President Donald Trump’s arrives in London on Monday for a state visit in the first stop of a five-day tour that includes a commemoration of the 75th anniversary of the Allied Forces’ D-Day invasion at Normandy, amid more current skirmishes surrounding the U.K.'s efforts to exit the European Union, and a potential U.S.-U.K trade deal.

The president, the first lady and his adult children will meet with Queen Elizabeth II at a banquet at Buckingham Palace, as well as an afternoon tea at Clarence House, the official residence of the Prince of Wales.

The president is not popular in the U.K. and the newest member of the royal family, the Duchess of Sussex, formerly known as Meghan Markle, already has said she will not attend events of the visit while she recovers from the birth of her first child. The Duchess was not a Trump fan before his visit, having told a television interviewer in 2016 that she would consider living in Canada where her former television series was filmed if Trump was elected president.

When asked about the Duchess’ comments in an interview Friday by the British tabloid the Sun, Trump said, “What can I say? I didn’t know she was nasty,” using the same descriptor he has employed previously when referring to women who have criticized him, his behavior or policies. He added, however, he felt she would make a “very good” American princess.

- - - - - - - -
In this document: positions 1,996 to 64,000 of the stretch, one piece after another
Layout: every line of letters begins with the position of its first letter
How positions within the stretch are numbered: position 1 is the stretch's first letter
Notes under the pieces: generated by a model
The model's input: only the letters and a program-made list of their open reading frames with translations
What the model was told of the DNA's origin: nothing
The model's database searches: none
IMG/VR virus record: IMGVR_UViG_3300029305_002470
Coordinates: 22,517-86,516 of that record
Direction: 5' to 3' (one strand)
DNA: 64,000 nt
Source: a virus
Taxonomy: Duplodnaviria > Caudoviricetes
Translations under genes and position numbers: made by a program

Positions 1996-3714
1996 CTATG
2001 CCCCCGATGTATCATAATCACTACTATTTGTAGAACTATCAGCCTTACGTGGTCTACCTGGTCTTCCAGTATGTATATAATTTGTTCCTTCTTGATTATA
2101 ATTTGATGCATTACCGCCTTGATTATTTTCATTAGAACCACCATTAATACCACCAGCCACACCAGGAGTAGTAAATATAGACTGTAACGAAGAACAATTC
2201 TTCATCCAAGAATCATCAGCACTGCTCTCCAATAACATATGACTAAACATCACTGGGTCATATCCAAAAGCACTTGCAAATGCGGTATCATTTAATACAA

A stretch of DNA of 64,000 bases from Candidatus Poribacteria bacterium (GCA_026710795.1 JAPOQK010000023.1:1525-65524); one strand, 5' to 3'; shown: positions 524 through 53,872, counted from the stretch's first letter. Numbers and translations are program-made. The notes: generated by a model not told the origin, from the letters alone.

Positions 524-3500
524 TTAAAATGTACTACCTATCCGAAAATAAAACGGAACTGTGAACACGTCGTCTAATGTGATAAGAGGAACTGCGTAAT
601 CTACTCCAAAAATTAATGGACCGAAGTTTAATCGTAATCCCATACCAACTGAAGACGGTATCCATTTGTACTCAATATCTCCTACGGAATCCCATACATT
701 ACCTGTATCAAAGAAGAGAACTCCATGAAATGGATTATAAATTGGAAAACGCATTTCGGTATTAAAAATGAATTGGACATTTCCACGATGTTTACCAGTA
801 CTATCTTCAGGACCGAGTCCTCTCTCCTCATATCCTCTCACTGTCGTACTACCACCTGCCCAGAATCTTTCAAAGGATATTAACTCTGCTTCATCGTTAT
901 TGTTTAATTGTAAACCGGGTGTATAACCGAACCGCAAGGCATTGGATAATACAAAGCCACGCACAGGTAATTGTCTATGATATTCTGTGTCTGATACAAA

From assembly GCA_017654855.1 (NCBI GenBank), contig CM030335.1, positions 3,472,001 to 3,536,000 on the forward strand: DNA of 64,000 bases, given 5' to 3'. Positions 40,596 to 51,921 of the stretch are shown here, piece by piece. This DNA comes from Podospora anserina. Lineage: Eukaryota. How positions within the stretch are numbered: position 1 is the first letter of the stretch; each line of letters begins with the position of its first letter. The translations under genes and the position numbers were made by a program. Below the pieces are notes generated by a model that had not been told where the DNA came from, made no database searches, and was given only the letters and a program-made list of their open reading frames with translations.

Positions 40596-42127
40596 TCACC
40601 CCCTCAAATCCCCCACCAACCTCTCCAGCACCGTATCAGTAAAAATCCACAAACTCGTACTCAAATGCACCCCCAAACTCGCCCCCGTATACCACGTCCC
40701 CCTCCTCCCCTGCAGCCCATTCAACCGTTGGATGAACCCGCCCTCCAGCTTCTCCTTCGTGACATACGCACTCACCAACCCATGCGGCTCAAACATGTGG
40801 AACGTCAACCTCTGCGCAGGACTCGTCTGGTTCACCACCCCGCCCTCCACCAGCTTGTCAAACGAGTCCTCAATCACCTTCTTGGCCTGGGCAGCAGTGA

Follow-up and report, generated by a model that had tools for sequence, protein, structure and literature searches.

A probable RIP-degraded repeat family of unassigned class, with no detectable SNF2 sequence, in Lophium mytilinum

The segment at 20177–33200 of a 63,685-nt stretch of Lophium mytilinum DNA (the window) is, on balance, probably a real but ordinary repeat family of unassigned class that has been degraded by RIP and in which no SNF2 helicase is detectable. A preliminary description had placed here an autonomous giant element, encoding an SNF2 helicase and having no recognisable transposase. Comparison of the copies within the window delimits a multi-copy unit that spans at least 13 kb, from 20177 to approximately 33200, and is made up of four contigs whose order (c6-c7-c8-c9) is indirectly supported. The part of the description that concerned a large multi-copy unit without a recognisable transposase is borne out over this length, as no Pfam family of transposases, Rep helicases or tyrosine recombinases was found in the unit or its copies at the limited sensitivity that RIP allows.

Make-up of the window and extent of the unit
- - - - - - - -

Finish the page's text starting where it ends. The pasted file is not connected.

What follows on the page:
In advance of his arrival, Trump told the New York Times that the U.K.'s next leader should walk away from Brexit negotiations with Brussels, referring to the resignation of Prime Minister Theresa May effective at the end of the week, after she was unable to lead a successful break from the EU.

May's meeting Tuesday with Trump will be one of her final acts as prime minister before departing 10 Downing Street.

Trump also suggested Boris Johnson, a pro-Brexit former secretary and former London mayor, should succeed May.

Despite May’s lame-duck status, Trump administration officials listed a number of important issues the two will take up during their Tuesday meeting, including Brexit and a trade deal, in addition to economic and military threats posed by China and Iran. Trump has said he wants a trade deal with the U.K., once it breaks from the EU but Speaker of the House Nancy Pelosi, D-Calif., has called such a plan dead on arrival if it has a negative impact on an existing Northern Ireland peace accord.

Trump’s U.K. visit may be the most congenial of his official plans. He will meet with Irish Prime Minister Leo Varadkar, who adamantly opposes the Brexit proposal, and while in France commemorating the D-Day anniversary, he will meet with President Emmanuel Macron, who has openly criticized Trump.